Understanding the mediators of innate immunity requires interrogating compendia of knowledge generated from high-throughput technologies 
. In this study we analyzed macrophage activation across a broad-spectrum of innate immunity stimuli; inert nanoparticle exposure, TLR agonists, and Salmonella
infection. Using a combination of bioinformatics techniques we determined a highly focused group of candidate genes for further experimental investigation. The topology of the inferred macrophage regulatory network was used to identify many of these important genes. We showed that the bottlenecks of the network are significantly enriched in known targets of pathogens. This finding can be compared to those reported in the human protein-protein interaction network 
and our previous findings that bottlenecks were enriched in virulence essential genes 
We next examined genes that are differentially regulated in response to multiple stimuli and identified a subset of genes that are differentially expressed under all conditions examined and occupy a highly central location in the inferred network. Interestingly these genes are highly enriched in conserved homologs and pathogen targets, indicating that they are biologically significant in macrophage activation. This group, the macrophage core response module, which encompasses 38 genes including chemotactic cytokines (Ccl3, Ccl4, Cxcl2), transcription factors (Fos/Jun AP-1 complex, Egr1 and 2, and Mafb), apoptosis (Ddit3 and Gadd45b), steroid biosynthesis (Fdft1, Sc4mol, and Scd1), other immune response-related genes (Ifit1, Ifit2, Mx1, Mx2, Oas2, Oasl1 and Ptsg1 [Cox1]) and a number of genes with unknown roles in immune response (see ). Previously, Ramsey, et al. (2008) 
analyzed a macrophage compendium (also used as part of the present study) using a variety of approaches and described two ‘core early response’ clusters that overlap with our module significantly (~50% shared genes). Furthermore, through motif enrichment they found that genes in these clusters were enriched in AP1, JUN, CREB, ATF, EGR, and PPARA binding sites, indicating that components of our core response module may be regulated by the Fos/Jun AP1 complex, and the Egr1 and 2 transcription factors that are in the module as well.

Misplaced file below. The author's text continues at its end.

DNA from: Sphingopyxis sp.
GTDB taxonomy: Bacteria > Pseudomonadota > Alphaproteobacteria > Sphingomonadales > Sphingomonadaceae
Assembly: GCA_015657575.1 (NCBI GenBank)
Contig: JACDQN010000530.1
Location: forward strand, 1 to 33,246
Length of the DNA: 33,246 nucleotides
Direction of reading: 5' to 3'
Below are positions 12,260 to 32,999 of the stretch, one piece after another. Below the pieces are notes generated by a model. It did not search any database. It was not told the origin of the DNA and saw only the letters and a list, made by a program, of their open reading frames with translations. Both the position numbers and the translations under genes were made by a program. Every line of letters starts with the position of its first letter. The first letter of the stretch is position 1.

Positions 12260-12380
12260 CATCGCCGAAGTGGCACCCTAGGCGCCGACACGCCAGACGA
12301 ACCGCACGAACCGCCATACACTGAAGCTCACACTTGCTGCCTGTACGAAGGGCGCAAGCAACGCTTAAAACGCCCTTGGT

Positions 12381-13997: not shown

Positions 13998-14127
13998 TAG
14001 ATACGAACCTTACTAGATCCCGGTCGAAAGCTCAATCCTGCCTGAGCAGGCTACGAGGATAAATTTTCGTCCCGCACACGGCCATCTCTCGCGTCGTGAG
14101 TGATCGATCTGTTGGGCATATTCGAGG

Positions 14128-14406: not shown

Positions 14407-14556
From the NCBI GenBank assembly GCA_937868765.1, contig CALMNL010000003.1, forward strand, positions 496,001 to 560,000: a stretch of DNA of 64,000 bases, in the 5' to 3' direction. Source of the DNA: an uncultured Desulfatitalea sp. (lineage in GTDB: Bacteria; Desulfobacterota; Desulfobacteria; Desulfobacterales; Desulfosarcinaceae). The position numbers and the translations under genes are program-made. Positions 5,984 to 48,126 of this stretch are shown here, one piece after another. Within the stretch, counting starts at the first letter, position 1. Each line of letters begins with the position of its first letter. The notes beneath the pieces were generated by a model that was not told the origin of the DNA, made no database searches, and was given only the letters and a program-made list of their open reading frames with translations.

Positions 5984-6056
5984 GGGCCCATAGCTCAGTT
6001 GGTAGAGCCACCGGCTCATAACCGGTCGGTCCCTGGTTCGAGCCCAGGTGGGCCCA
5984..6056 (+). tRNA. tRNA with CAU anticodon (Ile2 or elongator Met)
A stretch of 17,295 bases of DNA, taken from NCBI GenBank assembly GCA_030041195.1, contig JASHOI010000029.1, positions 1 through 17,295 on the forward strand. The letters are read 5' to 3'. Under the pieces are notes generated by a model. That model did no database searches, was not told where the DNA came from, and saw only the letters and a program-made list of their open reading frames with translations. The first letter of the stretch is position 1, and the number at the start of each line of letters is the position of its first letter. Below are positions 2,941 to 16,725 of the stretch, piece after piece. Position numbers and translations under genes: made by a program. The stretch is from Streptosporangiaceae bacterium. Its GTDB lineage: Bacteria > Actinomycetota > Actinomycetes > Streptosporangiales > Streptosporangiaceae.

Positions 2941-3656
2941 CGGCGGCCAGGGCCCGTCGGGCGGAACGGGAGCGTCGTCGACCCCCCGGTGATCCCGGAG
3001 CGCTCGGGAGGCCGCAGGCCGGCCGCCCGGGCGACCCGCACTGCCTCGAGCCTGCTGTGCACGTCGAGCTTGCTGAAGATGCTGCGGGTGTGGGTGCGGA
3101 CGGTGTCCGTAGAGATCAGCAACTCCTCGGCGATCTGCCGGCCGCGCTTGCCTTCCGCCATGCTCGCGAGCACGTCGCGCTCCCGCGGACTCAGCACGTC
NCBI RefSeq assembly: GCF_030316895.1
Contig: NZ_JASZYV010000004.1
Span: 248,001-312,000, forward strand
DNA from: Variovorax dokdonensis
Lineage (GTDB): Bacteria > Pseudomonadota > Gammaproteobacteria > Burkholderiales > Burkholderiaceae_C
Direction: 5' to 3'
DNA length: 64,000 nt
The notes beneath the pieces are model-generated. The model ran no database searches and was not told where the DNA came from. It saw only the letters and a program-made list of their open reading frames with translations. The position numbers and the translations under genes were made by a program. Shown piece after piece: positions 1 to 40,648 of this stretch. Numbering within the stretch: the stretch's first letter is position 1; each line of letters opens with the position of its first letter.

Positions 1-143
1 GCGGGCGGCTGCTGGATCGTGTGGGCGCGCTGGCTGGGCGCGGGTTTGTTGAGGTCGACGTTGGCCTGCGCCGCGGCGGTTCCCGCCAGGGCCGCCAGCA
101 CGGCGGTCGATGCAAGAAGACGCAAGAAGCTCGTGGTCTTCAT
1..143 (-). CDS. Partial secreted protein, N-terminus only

To represent the dynamics of the genes in this module and predict the regulatory influences governing their expression we developed a predictive model. By describing the regulatory network of the core response module in a machine learning algorithm 
, we were able to predict gene expression on a new data set. Multivariate regression techniques have been applied to model data in prokaryotes 
or yeast 
, and here we have successfully applied this method to model data from a mammalian system. Our resulting model accurately predicts the behavior of the core response module in combinations of treatments and genetic backgrounds in a cross-validation approach. Furthermore, the model can accurately predict the expression of a subset of these genes in macrophages responding to nanoparticle exposure, which induces a very different response than the TLR pathway.
Our predictive model identifies a number of regulatory influences that provide the basis for further experimental investigation. Core response module subcluster 1, which is enriched in transcription factors like Egr1/2 and Fos/Jun, is predicted to be regulated by Nfkß2, a component of the alternative Nfkß pathway